Review: Soumitra Chatterjee – A Filmmaker Remembers by Suman Ghosh – Hindustan Times | Episode Movies

When a filmmaker journeys down memory lane to write a book about a great actor, the reviewer faces many challenges. The first is to overcome the awe with which the author approaches his subject. This is understandable considering that the author Suman Ghosh is writing about Soumitra Chatterjee, one of the greatest actors in Indian cinema. The second challenge is to find out if the author was able to objectively see his subject, who died before starting this project. The third is to find out if a sentimental nostalgia has permeated the narrative. Thankfully, while the book is deeply emotional, it paints a well-rounded picture of Soumitra Chatterjee.

159 pages, £595; Om Books International

As is often the case when one celebrity writes about another, the reader is actually reading two books at the same time – one about the writer and the other about his subject. Soumitra Chatterjee – a filmmaker remembers, which chronicles the director’s journey with the actor he still adores as a hero, is no different. Divided into nine chapters, it contains many illustrations, photographs, and even Chatterjee’s translation of James Joyce’s monologue The deadwho was part of Ghosh Basu Paribar.

Ghosh made headlines for the first time with his directorial debut. Podochhep, which won the National Award for Best Feature Film in Bengali and also brought Soumitra Chatterjee the Best Actor award. In it, Chatterji plays Shasanka Palit, a lonely old man who lives with his unmarried daughter and continues to return to childhood despite being plagued by fear of death. “The film begins with a shocking symbol of death. Strapped to a belt in a moving subway train, Palit looks anxiously at himself waiting outside on the platform after failing to catch the train. The palit in the moving train may be moving away from life. The Palit on the platform encapsulates the memories and experiences of his life. This scene is repeated when Palit is actually looking out of the subway and is shocked to spot a frightened and confused Trisha on the platform,” Chatterjee once said in an interview with this author.

The actor has appeared in four other Ghosh films, including his second feature film dwando (2009), his third, Nobel Choir (2012, guest performance), Haven of Peace (2015) and Basu Poribar (2019). The director’s oeuvre also includes his fourth film, the one of the same name kadambaria loosely structured fictional account of Tagore’s relationship with his sister-in-law, an acclaimed short film called Shyamal uncle turns off the lightand a long documentary about Amartya Sen.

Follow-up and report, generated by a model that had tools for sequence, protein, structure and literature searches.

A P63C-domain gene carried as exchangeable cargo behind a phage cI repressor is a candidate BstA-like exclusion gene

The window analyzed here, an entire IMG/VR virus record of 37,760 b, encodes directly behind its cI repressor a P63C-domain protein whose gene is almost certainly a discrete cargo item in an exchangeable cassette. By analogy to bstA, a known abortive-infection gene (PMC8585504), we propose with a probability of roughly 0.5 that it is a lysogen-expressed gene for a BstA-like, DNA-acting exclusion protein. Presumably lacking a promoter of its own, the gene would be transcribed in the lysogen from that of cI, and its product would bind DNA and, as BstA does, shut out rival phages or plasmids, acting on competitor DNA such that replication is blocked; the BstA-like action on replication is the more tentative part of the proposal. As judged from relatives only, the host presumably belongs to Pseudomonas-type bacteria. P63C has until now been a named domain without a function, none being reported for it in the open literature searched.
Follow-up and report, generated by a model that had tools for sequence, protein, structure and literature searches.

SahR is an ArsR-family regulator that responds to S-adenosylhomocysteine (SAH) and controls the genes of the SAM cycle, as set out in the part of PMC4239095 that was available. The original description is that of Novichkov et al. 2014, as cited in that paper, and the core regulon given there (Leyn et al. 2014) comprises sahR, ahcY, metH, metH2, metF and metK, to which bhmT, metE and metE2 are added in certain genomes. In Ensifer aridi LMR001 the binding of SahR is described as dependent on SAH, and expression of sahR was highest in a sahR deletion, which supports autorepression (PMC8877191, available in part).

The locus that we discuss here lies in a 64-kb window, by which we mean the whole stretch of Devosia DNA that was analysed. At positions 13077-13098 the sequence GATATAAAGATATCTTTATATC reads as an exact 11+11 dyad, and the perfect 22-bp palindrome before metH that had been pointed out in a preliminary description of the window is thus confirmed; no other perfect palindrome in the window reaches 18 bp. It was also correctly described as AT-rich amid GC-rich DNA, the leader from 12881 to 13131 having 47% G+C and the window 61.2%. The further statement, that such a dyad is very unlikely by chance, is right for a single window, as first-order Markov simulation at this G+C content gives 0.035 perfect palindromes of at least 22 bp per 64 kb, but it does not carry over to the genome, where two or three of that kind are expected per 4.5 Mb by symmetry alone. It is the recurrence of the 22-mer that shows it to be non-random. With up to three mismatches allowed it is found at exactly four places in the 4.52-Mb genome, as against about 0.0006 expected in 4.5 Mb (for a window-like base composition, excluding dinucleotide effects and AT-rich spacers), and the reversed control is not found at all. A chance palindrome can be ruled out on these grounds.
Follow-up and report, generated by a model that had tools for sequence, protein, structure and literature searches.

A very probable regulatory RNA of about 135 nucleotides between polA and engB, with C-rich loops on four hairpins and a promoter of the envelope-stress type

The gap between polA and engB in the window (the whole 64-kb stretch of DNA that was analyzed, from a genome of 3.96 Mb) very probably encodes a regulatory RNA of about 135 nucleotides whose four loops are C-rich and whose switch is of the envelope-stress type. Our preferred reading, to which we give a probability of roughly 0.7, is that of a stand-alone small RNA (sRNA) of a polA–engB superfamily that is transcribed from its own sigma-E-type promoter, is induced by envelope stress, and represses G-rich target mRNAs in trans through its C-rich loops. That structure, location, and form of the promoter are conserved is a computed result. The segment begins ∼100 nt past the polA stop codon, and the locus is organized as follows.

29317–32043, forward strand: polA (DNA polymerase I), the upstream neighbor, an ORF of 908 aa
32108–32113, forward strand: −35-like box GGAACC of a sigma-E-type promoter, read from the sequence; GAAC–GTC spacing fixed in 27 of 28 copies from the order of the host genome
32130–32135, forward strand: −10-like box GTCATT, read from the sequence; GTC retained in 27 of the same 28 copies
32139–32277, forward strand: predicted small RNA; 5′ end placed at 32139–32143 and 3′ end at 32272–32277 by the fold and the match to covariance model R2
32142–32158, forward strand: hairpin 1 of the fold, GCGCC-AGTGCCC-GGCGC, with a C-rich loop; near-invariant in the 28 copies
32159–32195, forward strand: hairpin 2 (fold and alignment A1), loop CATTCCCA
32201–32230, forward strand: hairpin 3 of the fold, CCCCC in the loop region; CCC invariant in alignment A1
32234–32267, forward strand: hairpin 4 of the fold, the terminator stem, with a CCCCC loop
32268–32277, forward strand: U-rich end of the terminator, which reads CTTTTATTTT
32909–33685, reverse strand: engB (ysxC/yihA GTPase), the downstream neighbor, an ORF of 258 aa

In over 13 years of fruitful collaboration, Ghosh and Chatterjee’s relationship has transformed from that of a young professional directing a legendary actor to a deeply personal one. Ghosh admits he considers Chatterjee his mentor, a foster father from whom he learned a great deal, not only about films, acting and directing, but also about life and its many manifestations, including death.

“He was by far the liveliest person I’ve ever met. His zest for life knew no bounds. Whether through literature, through poetry, through films, through his interactions with people, through theatre, it was as if he constantly wanted to be immersed in the delirium of life and bathed in all of its beauty. His mind was like a blank canvas ready to be painted with paint,” writes Ghosh, whose book is filled with anecdotes.

Of particular interest is the one that describes the author’s concern about the pairing of Mithun Chakraborty and Chatterjee Nobel Choir, although the latter only had a guest role. Luckily, the two actors blended into their characters and seamlessly blended into each other like they were born to do the movie together.

Soumitra Chatterjee and Sharmila Tagore in Apur Sansar (1959) directed by Satyajit Ray. (HT photo)

The filmmaker, who is also a professor of economics at Florida Atlantic University, explains how he got into film: “I’ve always been interested in filmmaking, but lacked the technical talent. I had come to Cornell University to do a PhD in economics. During my stay there, I decided to study film at the Department of Theater, Film and Dance. It was about the theory and art of filmmaking from the ground up. I did not complete a degree, but took all the basic courses for a master’s degree in film studies. I got my PhD and got a job. Then I made a documentary about Amartya Sen, my first film. After that I had the opportunity to assist Gautam Ghosh dekha in Kolkata. I wanted to make my own feature.”

Director and Writer Suman Ghosh (ANI)

Ghosh’s easy-flowing narrative presents the individual beyond the screen persona of actor Soumitra Chatterjee. He uncovers the layers of celebrity to reveal the father, husband and grandfather he was. The reader learns of Chatterjee’s many talents as a poet, writer, theater man, and singer, and his less publicized talent for painting. We also learn about his role as a narrator who was able to entertain film crews with jokes during breaks in filming.

While this is a good read, it could have done without the long list of recommendations at the beginning. A director of Ghosh’s caliber doesn’t really need them. Still, this is a book that should have a place on the shelves of anyone interested in film.

Shoma A Chatterji is an independent journalist. She lives in Kolkata.

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